By Dan Schack
With the difficulty of creating a new form of design with fresh uncharted instrumentation for the Indoor Winds stage, some ensembles rose to the top. Florida International University was one of them. Competing in the Independent Open Class Winds Division, FIU Indoor Winds presentation “Curse of the Ninth” utilized recognizable themes and imagery from beloved composer Ludwig van Beethoven to display a dramatic and memorable performance. The show features a grand piano in the middle of the floor played by a central character who of course is Beethoven. This Beethoven character propels the narrative, often times conducting the ensemble from the front or accompanying them from the center stage. This character was truly the line that connected the elements of the performance from beginning to end. It was in Justin Swearinger that FIU found this character, and he seemed perfectly suited for the job.
Justin took some time away from his busy schedule to tell us about his experiences as a central character in this standard-setting show.
Are you a music major in school? In what field/instrument? If not, what are your current endeavors?
I received my B.A. in Music, with an emphasis in Percussion Performance from the University of Alabama in Huntsville. Originally, I was actually a double-major – caught between the worlds of music and aerospace engineering. Eventually music won.
Do you have any formal conducting training?
I am currently finishing up a Master’s in Instrumental Conducting at Florida International University (FIU). As an undergrad, I took a few conducting classes and subbed around town. But now it’s a large part of what I think about.
How did you prepare for your character in the 2015 FIU production “Curse of the Ninth?” What was your musical preparation?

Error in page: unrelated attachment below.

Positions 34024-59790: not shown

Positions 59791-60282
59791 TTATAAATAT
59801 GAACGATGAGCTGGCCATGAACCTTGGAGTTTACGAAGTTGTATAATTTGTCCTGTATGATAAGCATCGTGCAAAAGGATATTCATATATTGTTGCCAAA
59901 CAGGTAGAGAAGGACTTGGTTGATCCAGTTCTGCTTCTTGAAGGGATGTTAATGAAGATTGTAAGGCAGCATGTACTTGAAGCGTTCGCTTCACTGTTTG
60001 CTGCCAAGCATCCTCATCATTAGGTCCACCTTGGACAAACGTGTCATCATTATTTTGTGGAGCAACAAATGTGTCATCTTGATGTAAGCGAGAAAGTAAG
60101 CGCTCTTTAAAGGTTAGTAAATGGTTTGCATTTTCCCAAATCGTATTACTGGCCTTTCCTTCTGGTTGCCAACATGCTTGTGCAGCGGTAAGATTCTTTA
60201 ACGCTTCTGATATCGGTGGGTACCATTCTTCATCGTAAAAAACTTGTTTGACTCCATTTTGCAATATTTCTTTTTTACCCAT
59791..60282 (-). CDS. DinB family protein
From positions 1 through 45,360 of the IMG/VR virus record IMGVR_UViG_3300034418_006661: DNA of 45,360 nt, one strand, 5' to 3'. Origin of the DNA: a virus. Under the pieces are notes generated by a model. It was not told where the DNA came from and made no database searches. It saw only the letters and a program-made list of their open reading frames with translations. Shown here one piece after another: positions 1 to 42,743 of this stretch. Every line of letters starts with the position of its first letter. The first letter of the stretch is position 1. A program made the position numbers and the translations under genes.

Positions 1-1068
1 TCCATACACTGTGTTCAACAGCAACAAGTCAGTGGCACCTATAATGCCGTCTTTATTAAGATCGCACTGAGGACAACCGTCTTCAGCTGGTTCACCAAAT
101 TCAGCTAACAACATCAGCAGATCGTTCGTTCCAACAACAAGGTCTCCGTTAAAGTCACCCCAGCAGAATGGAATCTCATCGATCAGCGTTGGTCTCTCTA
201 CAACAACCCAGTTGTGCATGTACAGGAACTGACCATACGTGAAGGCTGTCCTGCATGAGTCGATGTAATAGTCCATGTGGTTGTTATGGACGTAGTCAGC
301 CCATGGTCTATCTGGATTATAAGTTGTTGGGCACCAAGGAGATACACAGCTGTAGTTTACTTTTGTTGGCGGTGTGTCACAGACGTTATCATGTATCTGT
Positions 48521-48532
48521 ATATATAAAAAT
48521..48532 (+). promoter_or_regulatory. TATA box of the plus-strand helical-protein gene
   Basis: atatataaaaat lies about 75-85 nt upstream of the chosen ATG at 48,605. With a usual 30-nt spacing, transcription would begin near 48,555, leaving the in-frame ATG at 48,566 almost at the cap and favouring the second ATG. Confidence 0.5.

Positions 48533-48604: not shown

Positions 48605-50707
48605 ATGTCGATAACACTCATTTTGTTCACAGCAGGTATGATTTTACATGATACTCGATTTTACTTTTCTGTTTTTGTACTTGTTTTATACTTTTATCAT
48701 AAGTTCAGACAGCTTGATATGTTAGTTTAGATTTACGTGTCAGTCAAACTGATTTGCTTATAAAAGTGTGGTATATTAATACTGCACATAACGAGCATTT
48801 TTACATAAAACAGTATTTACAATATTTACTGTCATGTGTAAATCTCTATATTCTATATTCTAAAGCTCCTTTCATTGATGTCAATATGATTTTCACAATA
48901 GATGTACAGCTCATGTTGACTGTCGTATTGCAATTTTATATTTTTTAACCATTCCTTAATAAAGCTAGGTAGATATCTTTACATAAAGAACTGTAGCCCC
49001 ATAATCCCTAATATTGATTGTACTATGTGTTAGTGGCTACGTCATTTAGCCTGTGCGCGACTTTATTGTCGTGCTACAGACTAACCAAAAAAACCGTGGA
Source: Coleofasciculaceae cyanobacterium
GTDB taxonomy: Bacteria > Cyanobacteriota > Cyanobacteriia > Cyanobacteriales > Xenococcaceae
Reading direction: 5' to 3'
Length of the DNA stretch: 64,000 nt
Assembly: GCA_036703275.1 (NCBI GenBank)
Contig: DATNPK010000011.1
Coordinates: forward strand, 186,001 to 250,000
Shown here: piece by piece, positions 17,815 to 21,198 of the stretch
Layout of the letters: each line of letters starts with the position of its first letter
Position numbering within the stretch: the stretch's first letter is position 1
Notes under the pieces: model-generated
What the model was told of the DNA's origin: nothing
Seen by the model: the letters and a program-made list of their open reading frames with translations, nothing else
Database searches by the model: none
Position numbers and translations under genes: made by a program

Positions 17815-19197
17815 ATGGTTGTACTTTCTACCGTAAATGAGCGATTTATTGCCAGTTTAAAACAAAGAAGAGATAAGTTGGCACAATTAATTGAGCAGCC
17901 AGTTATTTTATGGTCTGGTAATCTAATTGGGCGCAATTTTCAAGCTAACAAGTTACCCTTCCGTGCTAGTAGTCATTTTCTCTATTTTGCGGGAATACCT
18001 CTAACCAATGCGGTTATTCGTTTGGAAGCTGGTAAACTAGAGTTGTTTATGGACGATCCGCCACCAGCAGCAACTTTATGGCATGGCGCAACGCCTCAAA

From my undergrad and personal experiences with music, I already knew a lot about Beethoven. For instance, I had to know every Beethoven Symphony and their characteristics for a test in my beginning conducting class. I did some reading to refresh, but most of the knowledge was already there.
I remember having discussions with Alejandro Guardia, Jr. (Director of FIU Winds), when FIU Indoor Winds was not much more than a possibility. We talked about our favorite parts of symphonies, our favorite piano sonatas, and it was through these discussions that the second part of the show (Movement 2 of Beethoven’s 7th Symphony) came into being. Beethoven is universal. He was a very human composer, and his output is known to almost every culture. So there exists this base of knowledge.
Was playing piano in this ensemble different than others you have played in? How were your responsibilities different?
Yes! I am pretty young, but I’ve had my fair share of professional music gigs. Listening in this setting was completely different. Our sense of pulse and unity was exponentially more difficult to maintain than say a normal orchestra or wind ensemble. It’s one thing to have the power of winds around you, ones that we’re used to seeing on the field… but to cage that in an indoor space. There’s a reason that early music has very distinctive indoor and outdoor instruments.
What did you learn about music and music history through the season?
It wasn’t so much what did I learn but rather what did I already know that I could put into context. Beethoven’s art was the most important thing to him. Again, Beethoven was very human. He was one of the first “rockstar” composers. Most composers and musicians until his time only lived to serve. They were really seen as second-class citizens. A noble person within or outside of the church would request music and a musician would have to provide. And that musician would provide for little pay – really, they would be sure they could eat and provide for their family. But they would have to use the backdoors. Simply give the music and get out.